A Breaking Bad Habit Exercise - 5 Steps
I haven't met many people who say they wouldn't enjoy feeling more relaxed or even being able to relax-on-demand. The good news is that according to a study published in the journal Nature, learning how to get better at relaxing, not only feels good, but increases our brain's ability to remember new information (including strengths of mindfulness, compassion and joy). The researchers in this study recruited eight epileptic volunteers who were shown 100 photos and then 30 minutes later were shown 50 of the same and 50 different photos. They then had to tell the researcher which photos they had seen before and which they had not. While the participants were using their memory, the researchers used electroencephalogram (EEG) electrodes to record electrical activity in the area of the brain where memories are formed. The findings showed that recognition was highest when participants were in a relaxed state (referencing "theta waves"). Okay, it's not necessarily news that we learn better when we're more relaxed, so why does this matter? It matters because at this point in time, we happen to live in a petri dish of overstimulation and fractured partial attention on a daily basis. The way we're living right now stresses out our nervous systems making it really difficult for any new learning (mental or behavioral) to really stick. Some people think mindfulness meditation is the answer - a tool that is meant to actively relax us. But no, it's meant to help us cultivate awareness so we can make wise choices, which may be to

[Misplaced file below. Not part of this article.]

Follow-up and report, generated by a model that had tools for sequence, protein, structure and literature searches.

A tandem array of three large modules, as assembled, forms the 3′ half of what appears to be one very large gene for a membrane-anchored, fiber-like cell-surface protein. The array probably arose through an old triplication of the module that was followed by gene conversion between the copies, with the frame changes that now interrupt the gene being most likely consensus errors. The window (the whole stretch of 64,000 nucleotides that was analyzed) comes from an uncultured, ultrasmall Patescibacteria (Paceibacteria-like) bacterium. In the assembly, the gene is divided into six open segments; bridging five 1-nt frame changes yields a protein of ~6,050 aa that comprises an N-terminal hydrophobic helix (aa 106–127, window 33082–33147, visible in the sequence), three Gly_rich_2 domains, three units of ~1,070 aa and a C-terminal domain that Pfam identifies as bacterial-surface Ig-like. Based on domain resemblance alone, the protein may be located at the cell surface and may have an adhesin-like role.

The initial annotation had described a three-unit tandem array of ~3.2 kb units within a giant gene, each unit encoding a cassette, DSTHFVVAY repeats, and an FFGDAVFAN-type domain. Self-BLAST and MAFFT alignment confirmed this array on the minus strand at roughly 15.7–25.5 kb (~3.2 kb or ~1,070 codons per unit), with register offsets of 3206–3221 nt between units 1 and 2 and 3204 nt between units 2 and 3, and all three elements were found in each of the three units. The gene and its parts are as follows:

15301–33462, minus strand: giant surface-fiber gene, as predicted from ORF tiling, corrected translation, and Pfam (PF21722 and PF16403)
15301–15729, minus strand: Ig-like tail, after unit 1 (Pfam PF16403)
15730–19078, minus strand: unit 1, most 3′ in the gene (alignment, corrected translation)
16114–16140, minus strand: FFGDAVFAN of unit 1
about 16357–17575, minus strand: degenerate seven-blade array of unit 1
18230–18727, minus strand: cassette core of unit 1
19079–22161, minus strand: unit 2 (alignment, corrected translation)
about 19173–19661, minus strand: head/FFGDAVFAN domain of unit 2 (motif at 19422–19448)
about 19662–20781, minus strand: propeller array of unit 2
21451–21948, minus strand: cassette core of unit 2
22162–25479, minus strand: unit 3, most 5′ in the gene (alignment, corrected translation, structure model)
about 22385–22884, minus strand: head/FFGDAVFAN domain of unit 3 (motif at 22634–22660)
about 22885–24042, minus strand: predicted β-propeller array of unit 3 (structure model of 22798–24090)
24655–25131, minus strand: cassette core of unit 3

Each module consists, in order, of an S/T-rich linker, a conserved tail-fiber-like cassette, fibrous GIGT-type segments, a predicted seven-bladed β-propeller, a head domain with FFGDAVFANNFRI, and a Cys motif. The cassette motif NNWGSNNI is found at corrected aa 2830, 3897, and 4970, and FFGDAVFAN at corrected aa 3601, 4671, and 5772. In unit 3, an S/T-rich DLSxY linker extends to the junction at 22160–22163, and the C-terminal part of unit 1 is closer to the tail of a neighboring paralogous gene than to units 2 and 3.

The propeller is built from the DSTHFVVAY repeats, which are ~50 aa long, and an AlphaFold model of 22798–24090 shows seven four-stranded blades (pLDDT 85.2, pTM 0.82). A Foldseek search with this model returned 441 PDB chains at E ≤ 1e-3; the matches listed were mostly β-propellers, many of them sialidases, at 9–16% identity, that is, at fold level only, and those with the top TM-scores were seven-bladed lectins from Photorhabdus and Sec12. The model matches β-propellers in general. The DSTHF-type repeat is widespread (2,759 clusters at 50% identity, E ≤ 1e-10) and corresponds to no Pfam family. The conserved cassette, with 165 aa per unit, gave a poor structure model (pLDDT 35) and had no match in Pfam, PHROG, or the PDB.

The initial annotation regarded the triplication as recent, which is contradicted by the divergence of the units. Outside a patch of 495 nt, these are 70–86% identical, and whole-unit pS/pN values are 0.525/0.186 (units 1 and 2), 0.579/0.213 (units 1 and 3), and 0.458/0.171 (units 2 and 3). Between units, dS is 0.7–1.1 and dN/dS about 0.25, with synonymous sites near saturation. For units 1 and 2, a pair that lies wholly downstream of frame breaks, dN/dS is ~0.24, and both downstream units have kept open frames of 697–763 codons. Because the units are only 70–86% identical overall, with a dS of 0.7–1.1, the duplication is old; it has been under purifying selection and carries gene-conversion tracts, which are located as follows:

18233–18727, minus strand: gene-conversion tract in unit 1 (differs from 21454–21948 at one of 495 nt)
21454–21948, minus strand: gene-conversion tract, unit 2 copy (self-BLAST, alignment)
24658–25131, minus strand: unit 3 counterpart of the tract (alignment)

To be human is to be in relationship with difficult people. The reality is if all the difficult people in our lives felt deep kindness in their hearts, they would cease to be difficult people. As Thich Nhat Hanh says, "Peace in oneself, peace in the world." Aside from learning how to create a calm and stable mind, one of the months in my 6-month global online program A Course in Mindful Living (coming early October, 2016) is spent entirely on learning how to realize the power of compassion and connection in our lives formally and informally. This not only impacts us, but the people around us, and the emotional contagion of it can create immensely beneficial ripple effects. There's an informal practice that I’ve been doing for a while that is so simple and yet so impactful in working with difficult people and also bringing a sense of balance and perspective in the moment, it’s almost shocking to me. I live in Los Angeles, California which is well known as a city with one of the highest degrees of traffic. If we were to be able to peek into the average LA driver’s brain I think you’d see a hyperactive amygdala and most of the blood flow moving out of the prefrontal cortex. In other words, LA drivers can be a large group of difficult people with emotions and stress running high. One day while I was driving here I was cut off by some sports car who seemed to be speeding weaving in and out of the car lanes. My teeth locked together and my shoulders tensed and what went through my mind is only appropriate on HBO. In that moment I realized how tense I was and likely how out of control that driver was. It made me think of all the cars on the road and how many people were very likely tense in their cars. That simple recognition sparked the beginning of something important. My shoulders dropped a bit and the question arose, “What is it that I’m actually needing right now?” The word “ease” came to mind. So I said…